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Watch for Online Scammers and Swindlers

By Conversation Exchange
Last updated on Feb 18, 2020

Conversation Exchange is a large community with people from all over the world. Unfortunately, this also attracts individuals interested in making money using any sort of illegal scams.

Please do not trust any user unless you built a long relationship. And even though be on the watch as some of them take their time to build trust and then make a fraudulent request.

Usually a scammer will make a fake identity to trick you. Even though he will offer to help by claiming to be from an English-speaking country you might notice some major errors in his English.

Some of the most common stories a scammer might use are:

  • very dramatic stories like major accidents and deaths in his family, like he is a widow or lost a child in a car/plane accident or needs money because of a major illness.
  • claim to have rich family members that left him a huge amount of money and he is willing to share it with you and needs your bank info.
  • he is an engineer, or a sailor and want to move to your country but his luggage is stuck at customs and ask you to pay to release it. He will send you a fake customs email and website requesting the payment.
  • he is an investor and wants to invest in a business in your country and needs to send you some of his belongings. He might send you a fake passport picture.
  • He is flying to your country and wants to meet with you to exchange and later will ask for a favor, like releasing his luggage. He might even send a (fake) travel document.
  • He/she is a soldier stuck in Syria or other battlefield for some peace-making mission and needs your help to go back home.
  • He/she is a general or soldier in the US military and wants to practice your language. He might send you fake pictures of a guy in a uniform.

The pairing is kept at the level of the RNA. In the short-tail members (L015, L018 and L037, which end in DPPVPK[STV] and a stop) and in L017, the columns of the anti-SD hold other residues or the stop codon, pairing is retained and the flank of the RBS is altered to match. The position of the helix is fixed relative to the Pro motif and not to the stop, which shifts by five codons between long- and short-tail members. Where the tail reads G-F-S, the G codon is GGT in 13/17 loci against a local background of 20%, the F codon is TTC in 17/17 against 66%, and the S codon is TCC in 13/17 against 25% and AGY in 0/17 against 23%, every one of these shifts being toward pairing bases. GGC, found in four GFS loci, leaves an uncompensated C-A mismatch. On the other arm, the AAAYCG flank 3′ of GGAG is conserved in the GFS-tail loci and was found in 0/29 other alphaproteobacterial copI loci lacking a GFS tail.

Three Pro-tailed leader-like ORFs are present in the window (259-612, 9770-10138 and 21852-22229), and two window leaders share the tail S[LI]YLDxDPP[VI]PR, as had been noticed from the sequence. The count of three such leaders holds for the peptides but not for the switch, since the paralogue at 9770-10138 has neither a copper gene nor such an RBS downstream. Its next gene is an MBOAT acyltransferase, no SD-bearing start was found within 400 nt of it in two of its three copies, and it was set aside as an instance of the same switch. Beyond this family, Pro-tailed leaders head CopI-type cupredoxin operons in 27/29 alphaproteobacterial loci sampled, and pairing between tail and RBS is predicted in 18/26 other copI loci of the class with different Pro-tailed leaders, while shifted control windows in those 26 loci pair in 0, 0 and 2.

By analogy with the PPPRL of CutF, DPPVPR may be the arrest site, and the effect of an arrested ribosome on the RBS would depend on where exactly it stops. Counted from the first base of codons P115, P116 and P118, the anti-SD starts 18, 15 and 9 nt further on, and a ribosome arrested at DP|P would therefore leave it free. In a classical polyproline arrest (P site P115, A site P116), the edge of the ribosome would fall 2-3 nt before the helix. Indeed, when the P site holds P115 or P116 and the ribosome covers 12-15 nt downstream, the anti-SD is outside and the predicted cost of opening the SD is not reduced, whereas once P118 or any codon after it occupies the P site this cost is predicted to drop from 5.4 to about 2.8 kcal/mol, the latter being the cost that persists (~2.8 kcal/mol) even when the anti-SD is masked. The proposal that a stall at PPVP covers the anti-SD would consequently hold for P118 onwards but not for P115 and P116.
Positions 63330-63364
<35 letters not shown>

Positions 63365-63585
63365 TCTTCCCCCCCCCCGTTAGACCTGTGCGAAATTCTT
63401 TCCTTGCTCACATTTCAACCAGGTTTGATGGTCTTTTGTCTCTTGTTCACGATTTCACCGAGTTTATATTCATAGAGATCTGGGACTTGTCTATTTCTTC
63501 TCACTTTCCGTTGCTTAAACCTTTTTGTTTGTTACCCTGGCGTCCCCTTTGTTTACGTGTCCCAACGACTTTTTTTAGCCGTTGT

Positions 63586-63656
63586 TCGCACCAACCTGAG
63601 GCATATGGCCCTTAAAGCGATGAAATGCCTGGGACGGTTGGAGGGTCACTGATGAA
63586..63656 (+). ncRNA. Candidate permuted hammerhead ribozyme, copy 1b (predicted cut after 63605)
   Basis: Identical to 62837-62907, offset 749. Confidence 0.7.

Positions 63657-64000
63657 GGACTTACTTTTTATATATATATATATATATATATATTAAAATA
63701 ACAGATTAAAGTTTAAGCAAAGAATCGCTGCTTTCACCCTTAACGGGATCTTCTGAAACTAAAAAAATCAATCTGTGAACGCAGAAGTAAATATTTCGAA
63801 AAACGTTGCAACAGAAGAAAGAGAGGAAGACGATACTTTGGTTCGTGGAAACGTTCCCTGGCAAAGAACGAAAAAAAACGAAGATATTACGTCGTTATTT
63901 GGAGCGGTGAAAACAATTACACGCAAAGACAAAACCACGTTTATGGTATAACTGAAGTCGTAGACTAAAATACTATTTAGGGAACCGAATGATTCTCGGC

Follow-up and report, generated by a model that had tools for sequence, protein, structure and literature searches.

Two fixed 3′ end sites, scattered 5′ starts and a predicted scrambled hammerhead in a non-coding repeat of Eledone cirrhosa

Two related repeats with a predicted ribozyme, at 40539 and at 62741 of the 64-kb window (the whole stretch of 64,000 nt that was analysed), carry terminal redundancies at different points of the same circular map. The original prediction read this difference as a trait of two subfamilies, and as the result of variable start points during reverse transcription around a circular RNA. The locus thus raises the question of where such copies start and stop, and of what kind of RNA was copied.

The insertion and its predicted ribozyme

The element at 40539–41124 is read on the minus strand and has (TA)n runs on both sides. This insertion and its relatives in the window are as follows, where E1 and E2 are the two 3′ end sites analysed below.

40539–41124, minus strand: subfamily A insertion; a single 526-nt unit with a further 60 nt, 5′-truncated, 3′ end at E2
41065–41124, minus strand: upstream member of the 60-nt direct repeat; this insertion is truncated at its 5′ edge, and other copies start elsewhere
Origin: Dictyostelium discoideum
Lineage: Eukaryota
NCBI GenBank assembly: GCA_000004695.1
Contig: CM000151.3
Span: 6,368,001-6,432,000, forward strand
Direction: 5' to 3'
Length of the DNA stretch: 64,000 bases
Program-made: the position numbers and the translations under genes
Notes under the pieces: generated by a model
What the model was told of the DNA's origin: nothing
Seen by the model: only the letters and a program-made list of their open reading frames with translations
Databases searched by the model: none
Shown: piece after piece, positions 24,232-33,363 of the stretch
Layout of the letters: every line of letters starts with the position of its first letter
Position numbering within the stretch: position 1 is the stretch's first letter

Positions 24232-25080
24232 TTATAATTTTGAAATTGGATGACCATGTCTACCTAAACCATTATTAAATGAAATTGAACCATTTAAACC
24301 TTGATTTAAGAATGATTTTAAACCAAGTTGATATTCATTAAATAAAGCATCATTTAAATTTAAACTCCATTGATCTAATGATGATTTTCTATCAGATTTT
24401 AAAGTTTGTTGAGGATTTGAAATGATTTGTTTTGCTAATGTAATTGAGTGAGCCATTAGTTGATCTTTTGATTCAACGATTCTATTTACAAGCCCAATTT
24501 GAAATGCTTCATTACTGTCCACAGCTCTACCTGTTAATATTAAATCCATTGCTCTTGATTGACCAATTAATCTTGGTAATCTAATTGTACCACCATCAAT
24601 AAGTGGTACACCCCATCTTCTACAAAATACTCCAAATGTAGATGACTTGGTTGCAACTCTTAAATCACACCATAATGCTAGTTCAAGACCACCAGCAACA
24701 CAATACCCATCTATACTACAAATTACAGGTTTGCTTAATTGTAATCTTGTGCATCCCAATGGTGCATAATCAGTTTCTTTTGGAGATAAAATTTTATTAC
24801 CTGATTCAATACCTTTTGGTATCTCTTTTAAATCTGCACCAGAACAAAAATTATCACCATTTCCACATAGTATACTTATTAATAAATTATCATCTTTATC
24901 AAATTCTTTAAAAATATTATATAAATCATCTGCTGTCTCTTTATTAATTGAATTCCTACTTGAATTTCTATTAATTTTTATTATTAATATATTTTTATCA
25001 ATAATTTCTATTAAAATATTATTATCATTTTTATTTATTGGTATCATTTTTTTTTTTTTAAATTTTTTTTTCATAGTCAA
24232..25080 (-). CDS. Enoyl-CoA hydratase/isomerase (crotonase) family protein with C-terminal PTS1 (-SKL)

• He/she is a very busy medical doctor and needs your help.
  • He/she works the Red Cross or a military doctor and needs money to escape from the battlefield.
  • He/she is in another country and his credit card stopped working.
  • He/she promises to pay you for a service using a Bank Transfer or mailing you "cashier's", "certified", or "verified" check which is fake. Do not provide bank information to people you do not know. Always ask your bank to verify a check before depositing it.

These are all made up stories to trick you and build compassion, trust and interest in order to then request a favor which in most cases requires a payment of some sort. If you want an additional list of made up stories please check this link.

In most cases he will immediately ask you not to use Conversation Exchange and move to personal e-mail or other chat applications like hangout, skype, etc. Conversation Exchange messaging is more secure as it won’t reveal your email or chat IDs. Other signs that the person is a scammer are listed here.

Please be careful and DO NOT SEND ANY MONEY to people you do not know. Do NOT offer help to pay for medicines, NATO, Red Cross, luggage stuck at customs, or other things to be mailed to you. Do not disclose bank information.

If you think the person you are exchanging is suspicious or making strange requests let us know so we can check their profile and verify he is legit.

If this happened to you already, please report it at ftc.gov/complaint - click on Scams and Rip-Offs, then select Romance Scams.

We want Conversation Exchange to be a safe community and educate our users to practice a safe exchange.

If you have questions please contact us. Thanks.

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